This Black History Month we take a look at some of the many black-owned businesses that call Sook home.
We love being in a position to notice change as it happens on our high streets, and this year Sook’s spaces have been graced with a huge number of black-owned businesses, reflecting the increasing diversity that is so important to our communities, and creating unique experiences on our high streets.
Andy Davies, a leading voice for diversity and inclusion, and the founding investor heading up 10x10, an all-black VC group, has co-authored The Black Report, which is the first deep-dive of its kind into the state of the black-owned start-up ecosystem in this country. ‘Black founders are ready’, Davies says, ‘...we’ve forever had hurdles put in our way or opportunities afforded to others not like us. But we are changing that. We’re understanding our past, adapting our present, and re-writing our futures’.
It’s a drive and a sentiment echoed by the incredible brands we’ve had the privilege of working with at Sook. Business owners who are promoting real change, and developing our business landscape, as well as creating killer experiences and offering up some super-cool stuff.
Read on for just a few examples of the black-owned businesses that have popped-up at Sook recently:
Founded by Ade Hassan MBE, Nubian Skin sells lingerie and hosiery that match the skin tones of women of colour; an essential need that’s been over-looked by the mainstream market for too long. Ade says:
"My nude isn’t the nude I see in shops. Despite the reality that women of colour have the same needs as all women when it comes to lingerie and hosiery, the industry simply doesn’t cater to us. So, I thought, it’s time to rethink the definition of nude".
Nubian Skin is based in London, and Ade hosted her pop-up shop in our 58 Oxford Street Sook in October.
Gorgeous art and homeware, anyone? Caroline Chinakwe is a Nigerian-born artist living in London, known for her powerful, striking visuals that capture the beauty found in black cultures and style, while also addressing the issues that affect people of colour.
Her aesthetic developed off the back of a 20-year career in the fashion industry, during which the lack of diversity in the sector, and in ma was notable. Caroline says:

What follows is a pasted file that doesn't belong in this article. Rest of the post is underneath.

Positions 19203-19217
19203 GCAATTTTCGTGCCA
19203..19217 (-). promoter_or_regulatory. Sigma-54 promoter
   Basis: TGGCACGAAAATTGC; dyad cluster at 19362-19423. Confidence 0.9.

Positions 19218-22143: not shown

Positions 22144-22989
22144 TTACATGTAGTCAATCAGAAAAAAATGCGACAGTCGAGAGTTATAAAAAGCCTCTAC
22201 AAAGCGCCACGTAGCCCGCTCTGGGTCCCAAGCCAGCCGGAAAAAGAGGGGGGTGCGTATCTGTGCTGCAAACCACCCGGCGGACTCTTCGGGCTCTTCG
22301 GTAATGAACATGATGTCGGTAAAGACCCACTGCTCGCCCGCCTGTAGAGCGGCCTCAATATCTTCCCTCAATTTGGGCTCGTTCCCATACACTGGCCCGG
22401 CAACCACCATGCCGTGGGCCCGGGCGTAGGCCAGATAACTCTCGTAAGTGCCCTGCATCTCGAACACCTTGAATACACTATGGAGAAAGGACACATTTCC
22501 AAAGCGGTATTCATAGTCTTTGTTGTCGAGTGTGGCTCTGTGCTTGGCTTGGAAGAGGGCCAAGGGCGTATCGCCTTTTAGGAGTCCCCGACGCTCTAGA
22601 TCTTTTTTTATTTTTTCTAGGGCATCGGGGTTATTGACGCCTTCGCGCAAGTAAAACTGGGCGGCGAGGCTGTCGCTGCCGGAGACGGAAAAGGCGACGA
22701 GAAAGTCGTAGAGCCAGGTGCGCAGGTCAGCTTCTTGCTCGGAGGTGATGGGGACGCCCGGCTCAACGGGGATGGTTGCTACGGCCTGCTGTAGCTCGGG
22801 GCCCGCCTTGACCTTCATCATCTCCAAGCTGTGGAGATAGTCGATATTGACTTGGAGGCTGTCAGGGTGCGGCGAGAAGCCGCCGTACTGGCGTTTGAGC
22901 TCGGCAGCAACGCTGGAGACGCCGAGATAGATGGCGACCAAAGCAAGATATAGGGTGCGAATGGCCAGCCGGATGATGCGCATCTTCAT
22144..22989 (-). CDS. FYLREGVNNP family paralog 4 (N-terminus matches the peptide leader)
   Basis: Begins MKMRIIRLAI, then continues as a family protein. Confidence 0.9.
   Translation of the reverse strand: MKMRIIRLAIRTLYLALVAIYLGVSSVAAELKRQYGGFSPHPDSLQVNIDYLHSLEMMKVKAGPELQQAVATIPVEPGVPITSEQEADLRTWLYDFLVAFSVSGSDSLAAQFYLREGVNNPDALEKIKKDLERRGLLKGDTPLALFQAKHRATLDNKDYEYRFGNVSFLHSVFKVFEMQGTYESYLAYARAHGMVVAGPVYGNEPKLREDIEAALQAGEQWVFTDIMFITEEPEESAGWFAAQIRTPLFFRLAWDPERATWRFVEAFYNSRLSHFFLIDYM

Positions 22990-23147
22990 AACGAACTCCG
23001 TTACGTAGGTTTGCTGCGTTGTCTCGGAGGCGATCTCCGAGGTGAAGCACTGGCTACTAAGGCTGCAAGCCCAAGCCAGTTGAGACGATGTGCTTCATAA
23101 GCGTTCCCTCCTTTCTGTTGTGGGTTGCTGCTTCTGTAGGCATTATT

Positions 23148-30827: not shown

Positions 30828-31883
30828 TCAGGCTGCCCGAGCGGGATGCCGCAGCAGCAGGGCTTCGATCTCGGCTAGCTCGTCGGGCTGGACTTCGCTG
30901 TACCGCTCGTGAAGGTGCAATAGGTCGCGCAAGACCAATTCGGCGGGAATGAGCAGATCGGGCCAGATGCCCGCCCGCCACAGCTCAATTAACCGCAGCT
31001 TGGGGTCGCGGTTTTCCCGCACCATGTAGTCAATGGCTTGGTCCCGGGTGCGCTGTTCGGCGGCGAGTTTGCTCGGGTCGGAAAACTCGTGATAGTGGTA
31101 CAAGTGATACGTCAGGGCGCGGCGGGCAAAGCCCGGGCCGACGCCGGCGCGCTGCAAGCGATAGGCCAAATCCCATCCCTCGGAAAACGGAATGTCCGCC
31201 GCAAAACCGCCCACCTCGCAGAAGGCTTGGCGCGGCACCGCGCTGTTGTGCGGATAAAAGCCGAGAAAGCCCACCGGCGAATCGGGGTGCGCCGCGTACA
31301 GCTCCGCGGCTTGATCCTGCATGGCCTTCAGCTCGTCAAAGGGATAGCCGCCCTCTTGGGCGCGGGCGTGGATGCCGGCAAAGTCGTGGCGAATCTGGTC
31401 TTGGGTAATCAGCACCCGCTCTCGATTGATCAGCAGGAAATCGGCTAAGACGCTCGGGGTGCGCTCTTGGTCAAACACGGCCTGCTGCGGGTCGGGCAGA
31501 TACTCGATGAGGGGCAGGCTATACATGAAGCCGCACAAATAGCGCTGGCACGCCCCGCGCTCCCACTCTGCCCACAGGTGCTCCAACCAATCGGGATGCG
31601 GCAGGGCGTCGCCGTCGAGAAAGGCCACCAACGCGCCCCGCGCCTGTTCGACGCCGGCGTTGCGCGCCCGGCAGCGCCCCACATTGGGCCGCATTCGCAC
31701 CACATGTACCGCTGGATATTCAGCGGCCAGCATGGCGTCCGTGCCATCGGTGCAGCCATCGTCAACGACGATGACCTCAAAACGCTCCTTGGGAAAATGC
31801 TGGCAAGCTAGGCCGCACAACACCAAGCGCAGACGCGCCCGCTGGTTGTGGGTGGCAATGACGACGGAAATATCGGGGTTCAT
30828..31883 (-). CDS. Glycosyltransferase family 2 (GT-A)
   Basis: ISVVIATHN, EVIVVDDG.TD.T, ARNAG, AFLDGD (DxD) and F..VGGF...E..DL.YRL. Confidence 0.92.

“I create art that will challenge the mainstream, igniting an understanding and appreciation of black culture, style and beauty as equal to the western ideology of beauty”.
Chinakwe exhibited her beautiful work at our 10 South Molton Street Sook.
Nigerian born, contemporary lines, and utterly gorgeous fashion. Masterminded by Toluwani Wabara, Wanni Fuga’s collection is all generous swathes of premium fabric, and timeless, elegant silhouettes. Prioritising comfort and simplicity, Wanni Fuga fuses African culture with supreme modernity. WE LOVE!
Wanni Fuga held their first UK private sale pop-up at Sook 58 Oxford Street.
And finally... Sook X Marmalade Collective
This October, we’re using Black History Month as a springboard to celebrate the rich black culture that’s been bringing our pop-up spaces to life all year. We’re proud to have partnered with Marmalade Collective earlier this year, who are a digital media company bringing Africa’s stories, culture and ideas to a global audience.
In support of their important work, Sook is working with the collective to bring their Beyond Black and #CultureInColour campaign to life. Beyond Black aims to shift the conversation around Africans away from skin colour, and towards culture.
The campaign activation involves the use of Sook’s digital screens across all our sites during Black History Month to show their impactful images and messaging, with a big pop-up event happening all day in our newest space, Sook Shoreditch, on the 29th of October. Everybody, as always, welcome. See you there.